RENT vs BUY
The Housing Rent vs Buy question may, in many senses, be summed up as a debate between the ideas espoused by two top authors and radio personalities: Dave Ramsey, of “The Total Money Make Over” and Robert Kiyosaki, author of “Rich Dad, Poor Dad.”
Outside of taxes, housing expenses represents an Americans single largest personal finance budget item. So, when we are looking at gaining financial freedom, a good decision on housing certainly contributes.
If you want to get ahead financially, getting a handle on housing expenses is vitally important. Yet, leading financial experts, including Ramsey and Kiyosaki, are often seemingly divided on the issue.
One school of thought seems to suggest treatment of a house as an asset, the end goal being to pay it off in full and walk around proudly in the house you own outright.
The other school of thought seems to suggest treating the house we live in as a liability, even when owned outright. The implication being that, though your house may be a “store of value” (that’s economists speak for you) your house is not an asset and maybe not even a good investment.
While both of these gurus are renown, their approaches to housing seems fundamentally polarized.
Looking at the issue, I became fascinated with the (rent vs own) housing decision and the impact it has on us.
Years ago, I took to research the specifics. I wanted to know for myself:
Is buying the house you live in as good of an investment as conventional wisdom would suggest?
Or, is housing more of a liability, an expense, to be controlled and more tightly regulated like we would other utilities and necessities?
What I found challenged much of what I’d been led to believe in life.
In the end, my own conclusion left me somewhere in the middle of Ramsey’s and Kiyosaki’s views.
Logically, I understand Dave Ramsey’s approach.
Summary: get and live in a house, fully paid-off. Indeed, this is great for those who want to lay down some roots and need a feeling of security.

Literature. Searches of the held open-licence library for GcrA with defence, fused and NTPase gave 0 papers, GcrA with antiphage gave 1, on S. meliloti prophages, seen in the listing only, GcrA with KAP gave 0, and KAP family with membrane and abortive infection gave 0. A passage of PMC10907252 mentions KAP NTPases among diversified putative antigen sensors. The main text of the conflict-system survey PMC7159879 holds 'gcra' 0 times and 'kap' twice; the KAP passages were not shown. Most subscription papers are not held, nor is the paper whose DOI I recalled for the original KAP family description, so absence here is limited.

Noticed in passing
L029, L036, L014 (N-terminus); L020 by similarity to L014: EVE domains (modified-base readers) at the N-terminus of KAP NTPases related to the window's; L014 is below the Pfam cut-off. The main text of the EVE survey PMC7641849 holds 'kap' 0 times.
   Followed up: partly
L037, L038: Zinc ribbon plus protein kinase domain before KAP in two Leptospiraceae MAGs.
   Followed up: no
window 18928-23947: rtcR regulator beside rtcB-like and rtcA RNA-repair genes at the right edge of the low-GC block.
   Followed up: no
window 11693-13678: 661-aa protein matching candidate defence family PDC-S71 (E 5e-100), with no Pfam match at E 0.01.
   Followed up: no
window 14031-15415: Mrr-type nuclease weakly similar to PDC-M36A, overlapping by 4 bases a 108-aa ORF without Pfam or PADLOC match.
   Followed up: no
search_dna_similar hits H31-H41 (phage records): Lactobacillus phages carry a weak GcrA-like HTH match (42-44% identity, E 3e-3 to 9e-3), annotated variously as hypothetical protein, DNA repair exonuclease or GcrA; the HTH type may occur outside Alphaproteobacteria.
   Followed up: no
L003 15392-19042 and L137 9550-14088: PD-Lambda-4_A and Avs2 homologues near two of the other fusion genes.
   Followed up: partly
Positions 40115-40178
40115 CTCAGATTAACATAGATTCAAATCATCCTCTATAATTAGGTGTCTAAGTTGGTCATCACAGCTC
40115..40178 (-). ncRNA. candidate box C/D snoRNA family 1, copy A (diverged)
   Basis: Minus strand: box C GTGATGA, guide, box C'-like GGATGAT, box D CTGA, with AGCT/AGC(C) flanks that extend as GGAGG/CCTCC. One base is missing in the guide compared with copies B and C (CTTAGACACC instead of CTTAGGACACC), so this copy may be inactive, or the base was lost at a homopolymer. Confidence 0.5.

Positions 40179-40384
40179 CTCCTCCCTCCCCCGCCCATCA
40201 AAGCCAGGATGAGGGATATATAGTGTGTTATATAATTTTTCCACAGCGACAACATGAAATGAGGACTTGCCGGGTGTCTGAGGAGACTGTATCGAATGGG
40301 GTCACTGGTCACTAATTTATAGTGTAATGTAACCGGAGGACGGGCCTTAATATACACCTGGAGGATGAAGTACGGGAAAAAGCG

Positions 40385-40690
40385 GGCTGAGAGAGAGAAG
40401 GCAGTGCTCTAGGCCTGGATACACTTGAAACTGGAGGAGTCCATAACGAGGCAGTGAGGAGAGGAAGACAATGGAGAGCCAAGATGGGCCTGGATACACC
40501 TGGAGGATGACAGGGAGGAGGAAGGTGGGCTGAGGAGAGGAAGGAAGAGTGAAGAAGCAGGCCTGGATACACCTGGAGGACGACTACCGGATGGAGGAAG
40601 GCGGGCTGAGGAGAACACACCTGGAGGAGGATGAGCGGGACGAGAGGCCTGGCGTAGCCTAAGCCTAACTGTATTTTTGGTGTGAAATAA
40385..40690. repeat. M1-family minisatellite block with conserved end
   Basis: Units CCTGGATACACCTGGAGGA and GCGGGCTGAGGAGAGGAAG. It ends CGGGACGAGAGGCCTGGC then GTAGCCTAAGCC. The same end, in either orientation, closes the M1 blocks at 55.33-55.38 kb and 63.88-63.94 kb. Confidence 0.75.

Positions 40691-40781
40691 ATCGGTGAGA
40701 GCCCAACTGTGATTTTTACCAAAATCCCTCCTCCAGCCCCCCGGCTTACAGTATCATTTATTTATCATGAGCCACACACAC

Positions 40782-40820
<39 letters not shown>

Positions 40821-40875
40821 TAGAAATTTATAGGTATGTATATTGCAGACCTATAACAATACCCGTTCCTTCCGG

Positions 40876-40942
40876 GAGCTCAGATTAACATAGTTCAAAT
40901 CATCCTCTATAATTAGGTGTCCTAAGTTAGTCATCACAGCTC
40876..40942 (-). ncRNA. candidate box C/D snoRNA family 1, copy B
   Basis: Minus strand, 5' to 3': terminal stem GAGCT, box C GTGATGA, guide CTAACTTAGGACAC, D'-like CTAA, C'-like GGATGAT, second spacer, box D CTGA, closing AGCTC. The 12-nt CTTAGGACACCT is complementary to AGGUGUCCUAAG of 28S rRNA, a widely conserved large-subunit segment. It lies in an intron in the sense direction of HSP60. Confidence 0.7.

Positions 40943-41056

However, as I reviewed it, I saw Ramsey’s treatment of housing in “The Total Money Make Over” didn’t fully address items, like: on-going maintenance, taxes, liquidity, and market (profit/loss) risk.
My further research shows that houses tend to improve (very generously speaking) at about 5% per year. Yet, taxes and maintenance each take about 1% and inflation takes another 2-3%... So, those together, consume all the appreciation. On top of that, commissions at selling hit hard, especially if you move every 7 years or less.
In the end, a house has plenty of holding costs and net appreciation after expenses is not as much as the top line appreciation would have us believe.
On the other side, I see Robert Kiyosaki’s point.
Summary: your house is not an asset.
Simply, his point is: since it takes money out of your pocket and has financial obligations month-after-month, the house has more characteristics of a Liability than it does an Asset.
My further research shows that, even if owned fully, a house still takes money (cash) out of your pocket and that leaves less available for other things.
A point on which both Dave and Robert would likely agree is:
Houses are expensive (a luxury) and should be treated as such.
Similar to Ramsey’s recommendation regarding auto/transportation expense: drive a “beater” until you can afford a more luxurious coach; so too it seem he might recommend keeping housing expenses low, very low, until you can afford the luxury of owning a house.
Emphasis on the word “luxury”. Unfortunately, while housing should be an inalienable right, “owning” one is not in every one’s (current) financial cards. That’s the sad fact.
So, another question arises…
If owning a house is not part of our current reality, as a renter, should we feel like an inferior class?
Are we missing out on bigger/better and nicer housing because we can’t own it? Is renting really throwing money away?
I took to more research and did a fair bit of math to better understand. What I found may amaze you.
Owning is not the simple solution the world would have us believe and renting is not as bad as it seem.
A house can be a great investment, no doubt! But, owning is, more often than not, many times more expensive than what people believe and the average house returns far less than what people think.